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As your Lease stipulates that no alterations should be made without consent, as opposed to it merely stipulating "no alterations", all the landlord can do is charge a reasonable admin fee in granting consent. The landlord is not entitled to charge a premium or make a profit in respect of any administration fees he seeks to charge on granting consent under a provision of the lease. In addition statute implies a term into the lease in these circumstances that consent must not unreasonably be withheld.
A leasehold valuation tribunal has the jurisdiction to determine whether an administration fee proposed by the landlord is reasonable in the event of disagreement or whether the landlord is entitled to withhold consent.
ideally, you will be able to reach agreement with the landlord as to what is reasonable in the circumstances. Normally nothing more than a reasonable admin fee for dealing with paperwork should be expected though agencies will not uncommonly propose fees of hundreds of pounds in the hope that a tenant will just pay it rather than challenge with the delay that would involve - in many cases their gamble pays off. If proposals effect the structure of the building (not the case I would think here) then there may also be a case for a surveyor to be involved. I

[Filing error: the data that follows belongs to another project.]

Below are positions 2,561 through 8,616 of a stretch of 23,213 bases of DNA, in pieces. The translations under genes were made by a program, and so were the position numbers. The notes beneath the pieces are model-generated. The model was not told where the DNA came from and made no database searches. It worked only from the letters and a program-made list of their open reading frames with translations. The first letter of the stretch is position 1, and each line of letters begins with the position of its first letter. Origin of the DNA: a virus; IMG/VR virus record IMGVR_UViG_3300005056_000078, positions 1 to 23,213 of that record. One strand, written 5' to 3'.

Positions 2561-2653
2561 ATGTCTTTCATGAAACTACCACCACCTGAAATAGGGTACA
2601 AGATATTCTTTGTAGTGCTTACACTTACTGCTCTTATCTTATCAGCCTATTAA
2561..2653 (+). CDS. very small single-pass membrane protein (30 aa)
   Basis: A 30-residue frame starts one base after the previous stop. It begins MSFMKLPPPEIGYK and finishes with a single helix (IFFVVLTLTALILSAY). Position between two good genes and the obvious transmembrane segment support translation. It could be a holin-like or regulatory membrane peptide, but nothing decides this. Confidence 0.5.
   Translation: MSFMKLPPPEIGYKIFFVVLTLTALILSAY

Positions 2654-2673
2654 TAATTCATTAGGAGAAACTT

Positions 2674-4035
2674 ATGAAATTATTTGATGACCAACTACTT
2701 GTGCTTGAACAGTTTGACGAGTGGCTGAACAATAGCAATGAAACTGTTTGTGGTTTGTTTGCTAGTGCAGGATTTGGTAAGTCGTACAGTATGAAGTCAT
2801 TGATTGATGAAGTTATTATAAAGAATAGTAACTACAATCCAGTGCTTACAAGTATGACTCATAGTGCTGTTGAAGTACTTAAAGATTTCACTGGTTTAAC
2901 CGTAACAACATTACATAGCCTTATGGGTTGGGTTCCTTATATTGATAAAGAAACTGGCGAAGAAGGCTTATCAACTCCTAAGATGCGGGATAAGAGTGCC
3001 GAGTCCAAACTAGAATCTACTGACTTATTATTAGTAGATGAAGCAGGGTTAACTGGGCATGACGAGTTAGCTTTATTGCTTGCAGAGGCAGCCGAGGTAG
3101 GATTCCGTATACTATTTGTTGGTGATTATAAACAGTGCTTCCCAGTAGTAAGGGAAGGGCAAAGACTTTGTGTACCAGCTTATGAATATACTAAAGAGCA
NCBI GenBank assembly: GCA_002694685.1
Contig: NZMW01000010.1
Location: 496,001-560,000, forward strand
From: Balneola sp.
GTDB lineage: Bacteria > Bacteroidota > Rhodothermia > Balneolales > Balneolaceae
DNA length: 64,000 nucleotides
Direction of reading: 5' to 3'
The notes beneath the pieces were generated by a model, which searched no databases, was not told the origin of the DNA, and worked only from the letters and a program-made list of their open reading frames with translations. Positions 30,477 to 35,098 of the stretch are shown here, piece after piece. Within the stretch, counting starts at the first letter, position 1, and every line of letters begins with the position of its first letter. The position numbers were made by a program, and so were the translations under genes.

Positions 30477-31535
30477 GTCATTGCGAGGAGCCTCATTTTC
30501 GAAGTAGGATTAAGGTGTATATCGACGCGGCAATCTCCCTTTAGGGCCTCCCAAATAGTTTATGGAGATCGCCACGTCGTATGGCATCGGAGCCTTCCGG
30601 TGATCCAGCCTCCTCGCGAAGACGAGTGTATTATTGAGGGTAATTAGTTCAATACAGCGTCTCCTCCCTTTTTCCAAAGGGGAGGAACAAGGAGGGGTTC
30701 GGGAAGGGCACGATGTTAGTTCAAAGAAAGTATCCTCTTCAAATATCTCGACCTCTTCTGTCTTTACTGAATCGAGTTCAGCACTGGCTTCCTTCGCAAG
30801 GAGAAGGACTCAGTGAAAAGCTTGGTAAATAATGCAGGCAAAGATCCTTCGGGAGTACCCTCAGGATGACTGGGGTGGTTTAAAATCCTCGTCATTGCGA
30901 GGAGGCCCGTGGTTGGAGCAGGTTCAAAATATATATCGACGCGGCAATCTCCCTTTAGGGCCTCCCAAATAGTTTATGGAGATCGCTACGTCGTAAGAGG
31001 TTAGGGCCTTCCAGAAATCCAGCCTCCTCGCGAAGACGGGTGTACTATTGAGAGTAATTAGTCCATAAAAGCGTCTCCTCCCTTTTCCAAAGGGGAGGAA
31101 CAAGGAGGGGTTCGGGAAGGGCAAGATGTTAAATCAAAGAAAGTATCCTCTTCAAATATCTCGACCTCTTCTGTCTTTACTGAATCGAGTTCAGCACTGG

f you find that agreement cannot be reached, if necessary, you can apply to a leasehold valuation tribunal in order to determine whether the fee proposed by the landlord is reasonable based on the evidence the landlord can bring to demonstrate the same.
Here is the form you require to make such an application:
I hope this helps you and answers your question.